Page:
There are many aspects to the job of a manager and there is no complete agreement as to what exactly constitutes the job of a manager. Managers are charged with responsibility of taking actions that will make it possible for individuals to make their best contributions to group objectives.
A manager and his work collective must become partners. Managers and employees must be equally interested in the fruits of their labor.
In a result-oriented management the key thing is not to issue instructions but to get results. That's why a manager's pay should be linked to the performance of the enterprise where he works. If a factory produces more, a manager's pay should increase. If the production plan is not met, then a manager must be penalized along with the workers he supervises. About 40 or 50 per cent of a manager's monthly pay should depend on the end result of the enterprise. If the result is poor and the manager doesn't get the full pay for a few months running he must leave his office. New people should come instead. It'll be a natural selection of a manager's staff when people with better knowledge, more expertise and truly original thinking will come to management.
Leadership is an important issue of managership: the ability to lead effectively is one of the keys to being an effective manager. Doing the entire managerial job demands that a manager is an effective leader. We define leadership as influence; the art of process of influencing people so that they will strive willingly and enthusiastically toward the achievement of group goals. There are three main leadership styles, classified on the basis of how leaders use their authority: autocratic, democratic and free-rein leader. The autocratic leader is defined as one who commands and expects compliance, who is dogmatic and positive, and who leads by the ability to withhold or give rewards and punishment.
The democratic, or participative, leader consults with subordinates on proposed actions and decisions and encourages participation from them. This type of leader is seen as ranging from the person who doesn't take action without subordinates' concurrence to the one who makes decisions but consults with subordinates before doing so.
The free-rein leader uses his or her power very little, if at all, giving subordinates a high degree of independence, or free rein, in their operations. Such leaders depend largely on subordinates to set their own goals and the means of achieving them, and they see their role as one of aiding the operations of followers by giving them the necessary information and acting primarily as a contact with the group's external environment.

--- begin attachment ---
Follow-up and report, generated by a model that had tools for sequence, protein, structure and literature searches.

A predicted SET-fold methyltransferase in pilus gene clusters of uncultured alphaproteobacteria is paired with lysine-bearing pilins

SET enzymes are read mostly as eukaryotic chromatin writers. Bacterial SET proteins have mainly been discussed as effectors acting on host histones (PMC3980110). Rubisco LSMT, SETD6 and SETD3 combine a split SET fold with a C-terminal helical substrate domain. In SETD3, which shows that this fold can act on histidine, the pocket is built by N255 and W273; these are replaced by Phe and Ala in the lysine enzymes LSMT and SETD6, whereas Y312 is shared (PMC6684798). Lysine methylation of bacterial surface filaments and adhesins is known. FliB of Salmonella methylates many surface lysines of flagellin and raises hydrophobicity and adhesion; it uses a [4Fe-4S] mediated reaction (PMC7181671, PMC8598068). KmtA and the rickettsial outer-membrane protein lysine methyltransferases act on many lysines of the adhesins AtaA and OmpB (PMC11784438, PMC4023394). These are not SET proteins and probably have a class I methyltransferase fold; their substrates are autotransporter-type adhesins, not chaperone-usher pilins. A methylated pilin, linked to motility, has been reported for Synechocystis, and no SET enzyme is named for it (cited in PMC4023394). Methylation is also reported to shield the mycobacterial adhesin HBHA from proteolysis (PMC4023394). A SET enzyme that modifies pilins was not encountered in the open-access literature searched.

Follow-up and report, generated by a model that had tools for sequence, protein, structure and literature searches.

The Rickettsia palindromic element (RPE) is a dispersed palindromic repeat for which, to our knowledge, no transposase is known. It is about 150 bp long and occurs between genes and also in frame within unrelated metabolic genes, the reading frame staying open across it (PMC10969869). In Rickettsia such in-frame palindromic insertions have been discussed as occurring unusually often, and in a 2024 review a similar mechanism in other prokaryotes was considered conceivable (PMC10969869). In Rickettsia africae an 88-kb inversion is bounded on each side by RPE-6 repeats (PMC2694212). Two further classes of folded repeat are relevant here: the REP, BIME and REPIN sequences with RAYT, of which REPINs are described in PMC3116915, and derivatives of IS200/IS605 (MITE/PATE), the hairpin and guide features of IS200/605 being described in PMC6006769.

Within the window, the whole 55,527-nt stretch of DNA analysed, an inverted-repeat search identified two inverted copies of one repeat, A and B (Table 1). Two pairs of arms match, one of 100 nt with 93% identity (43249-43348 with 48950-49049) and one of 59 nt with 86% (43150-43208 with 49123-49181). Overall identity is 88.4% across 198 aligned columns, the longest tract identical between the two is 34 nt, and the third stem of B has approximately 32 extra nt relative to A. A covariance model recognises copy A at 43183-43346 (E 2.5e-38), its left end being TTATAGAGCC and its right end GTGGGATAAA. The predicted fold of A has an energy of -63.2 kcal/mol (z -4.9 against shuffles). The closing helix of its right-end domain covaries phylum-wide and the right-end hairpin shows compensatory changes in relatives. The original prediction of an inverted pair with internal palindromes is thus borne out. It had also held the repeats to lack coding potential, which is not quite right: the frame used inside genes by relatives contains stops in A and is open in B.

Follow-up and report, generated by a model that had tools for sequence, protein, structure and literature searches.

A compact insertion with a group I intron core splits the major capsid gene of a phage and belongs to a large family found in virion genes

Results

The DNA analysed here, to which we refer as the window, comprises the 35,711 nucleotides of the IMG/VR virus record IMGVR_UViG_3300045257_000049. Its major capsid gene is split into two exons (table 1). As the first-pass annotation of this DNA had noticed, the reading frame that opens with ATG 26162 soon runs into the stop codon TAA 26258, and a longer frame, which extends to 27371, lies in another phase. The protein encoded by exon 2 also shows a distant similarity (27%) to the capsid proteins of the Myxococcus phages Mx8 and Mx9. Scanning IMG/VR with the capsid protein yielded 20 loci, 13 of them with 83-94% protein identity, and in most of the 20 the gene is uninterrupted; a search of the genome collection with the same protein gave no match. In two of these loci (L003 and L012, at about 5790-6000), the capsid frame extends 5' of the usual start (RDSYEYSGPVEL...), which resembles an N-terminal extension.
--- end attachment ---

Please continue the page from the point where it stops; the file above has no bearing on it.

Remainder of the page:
Task 1. Match the words on the left (1-9) with their equivalents on the right (a-i).
1. factory a) results of work
2. work collective b) staff
3. partners c) productivity
4. fruits of labor d) salary'
5. instructions e) to raise
6. performance f) plant
7. pay g) directions
8. to increase h) to fine
9. to penalize i) colleague
Task 2. Complete the sentences below.
1. A manager and his staff must become...
2. Managers and employees must be equally interested in....
a) The results of their cooperation
b) The bankruptcyof their enterprise
c) Their salary
3. A manager's pay should be linked to...
a) The Director's salary
b) The common staff salary
c) The performance of their enterprise
4. If a factory produces more, a manager's pay should...
c) Remain unchanged
5. It'll be……………..when people with better knowledge, more expertise and truly original thinking will come to management.
b) A natural selection of a managerial staff.
Task 3. Answer the following questions:
1. What relationship should be built between Management and staff?
2. How should the work of a manager be assessed (îöåíèâàòüñÿ)?
3. Should a manager fill in the vacancy on a competitive basis?
4. Why is it essential to manage the managers?
to assess - îöåíèâàòü
to compete – êîíêóðèðîâàòü, ñîðåâíîâàòüñÿ
Task 4. What is most important for a true manager? Rank the words listed below.
....adaptability to change
... .gift from the God
... .life experience
Task 5. Give an extensive answer to the following questions:
What business and personal qualities do you appreciate in a manager?
Have you got any of these qualities?
What type of leadership do you prefer? Why?